Grant program for Urbana small businesses extended
April 12, 2021
The Illinois Department of Commerce and Economic Opportunity has extended the deadline for applications for small business grants in Urbana under the CURES-ES program until May 28.
CURES is a COVID-19 relief fund started by the DCEO that allows local governments to request economic support from the state, which is then given out to local businesses. The City of Urbana was given $500,000 under the CURES program to give out to Urbana businesses, of which $252,020.91 was given out to 28 businesses last fall, according to a press release by the Urbana Economic Council.
“The state gave us the opportunity to apply for modification and extension to the grant, which we applied for and just received to hopefully
grant out the remaining 200-and-20-some thousand dollars to our businesses,” said Stepheny McMahon, coordinator in Urbana economic development.
This second round of grants will deal out the remaining amount of money to local businesses. Businesses in Urbana can reapply for additional funding from the grant, up to the maximum total of $20,000.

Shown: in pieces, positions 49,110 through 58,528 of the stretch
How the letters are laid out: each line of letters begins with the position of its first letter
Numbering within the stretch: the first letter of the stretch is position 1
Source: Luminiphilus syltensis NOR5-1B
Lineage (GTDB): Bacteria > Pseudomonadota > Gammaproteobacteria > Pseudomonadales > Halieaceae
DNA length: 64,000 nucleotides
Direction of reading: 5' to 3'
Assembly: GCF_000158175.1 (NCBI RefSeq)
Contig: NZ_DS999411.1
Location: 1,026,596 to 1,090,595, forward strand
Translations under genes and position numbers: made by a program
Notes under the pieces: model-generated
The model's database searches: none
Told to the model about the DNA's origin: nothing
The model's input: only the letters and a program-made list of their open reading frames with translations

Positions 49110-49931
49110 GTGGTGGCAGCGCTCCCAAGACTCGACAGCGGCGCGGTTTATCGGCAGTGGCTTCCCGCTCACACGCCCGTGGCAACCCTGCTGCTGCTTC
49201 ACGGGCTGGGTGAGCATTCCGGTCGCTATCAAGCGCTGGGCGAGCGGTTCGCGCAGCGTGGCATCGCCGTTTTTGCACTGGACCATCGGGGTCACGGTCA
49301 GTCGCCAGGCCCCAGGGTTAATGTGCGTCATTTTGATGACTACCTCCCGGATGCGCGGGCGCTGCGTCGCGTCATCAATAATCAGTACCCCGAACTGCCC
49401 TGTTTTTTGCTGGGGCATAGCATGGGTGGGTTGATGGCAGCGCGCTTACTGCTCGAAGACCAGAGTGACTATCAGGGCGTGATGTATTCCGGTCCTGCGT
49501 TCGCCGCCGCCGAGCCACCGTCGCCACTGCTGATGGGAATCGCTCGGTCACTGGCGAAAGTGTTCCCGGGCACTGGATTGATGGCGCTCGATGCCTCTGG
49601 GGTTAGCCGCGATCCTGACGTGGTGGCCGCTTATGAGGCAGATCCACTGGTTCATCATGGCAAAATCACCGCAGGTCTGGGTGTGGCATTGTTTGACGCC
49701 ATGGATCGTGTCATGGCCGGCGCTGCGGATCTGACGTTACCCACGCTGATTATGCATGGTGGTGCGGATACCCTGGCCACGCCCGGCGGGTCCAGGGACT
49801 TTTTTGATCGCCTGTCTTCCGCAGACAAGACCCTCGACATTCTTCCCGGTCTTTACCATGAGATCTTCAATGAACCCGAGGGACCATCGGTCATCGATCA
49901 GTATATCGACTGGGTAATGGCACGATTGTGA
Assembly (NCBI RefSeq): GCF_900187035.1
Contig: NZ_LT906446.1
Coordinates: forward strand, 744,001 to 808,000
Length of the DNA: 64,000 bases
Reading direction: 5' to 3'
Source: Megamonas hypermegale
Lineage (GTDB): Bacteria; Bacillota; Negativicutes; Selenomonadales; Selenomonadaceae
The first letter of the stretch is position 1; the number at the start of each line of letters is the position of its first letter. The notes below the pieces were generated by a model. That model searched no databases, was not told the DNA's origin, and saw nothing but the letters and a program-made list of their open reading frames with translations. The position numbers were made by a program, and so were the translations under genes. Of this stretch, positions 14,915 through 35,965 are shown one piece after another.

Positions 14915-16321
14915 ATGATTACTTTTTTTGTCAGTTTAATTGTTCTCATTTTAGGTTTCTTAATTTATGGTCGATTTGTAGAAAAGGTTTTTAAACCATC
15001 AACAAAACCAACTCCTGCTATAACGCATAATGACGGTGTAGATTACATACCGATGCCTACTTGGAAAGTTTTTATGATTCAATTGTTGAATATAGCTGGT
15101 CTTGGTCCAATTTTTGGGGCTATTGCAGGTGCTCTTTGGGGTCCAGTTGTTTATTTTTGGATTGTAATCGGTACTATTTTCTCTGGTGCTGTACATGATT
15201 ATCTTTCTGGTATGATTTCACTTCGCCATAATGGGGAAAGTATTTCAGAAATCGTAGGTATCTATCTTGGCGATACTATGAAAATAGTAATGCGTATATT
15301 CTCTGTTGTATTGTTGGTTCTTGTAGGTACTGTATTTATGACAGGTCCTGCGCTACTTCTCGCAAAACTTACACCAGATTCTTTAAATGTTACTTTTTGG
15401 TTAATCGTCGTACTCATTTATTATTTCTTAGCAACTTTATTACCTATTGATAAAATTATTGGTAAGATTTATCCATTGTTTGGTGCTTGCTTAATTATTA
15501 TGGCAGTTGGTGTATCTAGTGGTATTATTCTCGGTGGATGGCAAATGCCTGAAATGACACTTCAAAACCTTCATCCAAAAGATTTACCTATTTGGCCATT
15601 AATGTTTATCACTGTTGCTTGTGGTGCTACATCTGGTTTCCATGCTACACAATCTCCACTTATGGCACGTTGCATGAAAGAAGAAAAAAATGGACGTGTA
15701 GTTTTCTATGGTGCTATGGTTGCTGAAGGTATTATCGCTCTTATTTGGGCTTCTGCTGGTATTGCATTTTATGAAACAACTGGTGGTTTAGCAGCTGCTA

In asking for a modification, the City of Urbana requested that rent utilities be included to help those businesses who were struggling to pay them. All eligible expenses are between March 1 and Dec. 30 of 2020, so businesses can only be reimbursed for costs during that time.
Businesses must turn in eligible receipts and proof of payments before they can be reimbursed for costs.
According to McMahon, the city has a longer timeline when it comes to the grant process as compared to the last cycle.
“We don’t have to close out our payments until the end of June, whereas last time we had a very fast timeline and some businesses told me they just didn’t have the time to submit the application and gather all their receipts,” McMahon said.
A full list of businesses that obtained funding and details on the monetary amounts received can be found on the Urbana Relief Grant website.
McMahon says that these grants can help with the overall cash flow in Urbana, as sales were so low during the pandemic.
“It’s our goal to disperse all of the remaining funds, to get that in the hands of businesses who need it,” McMahon said.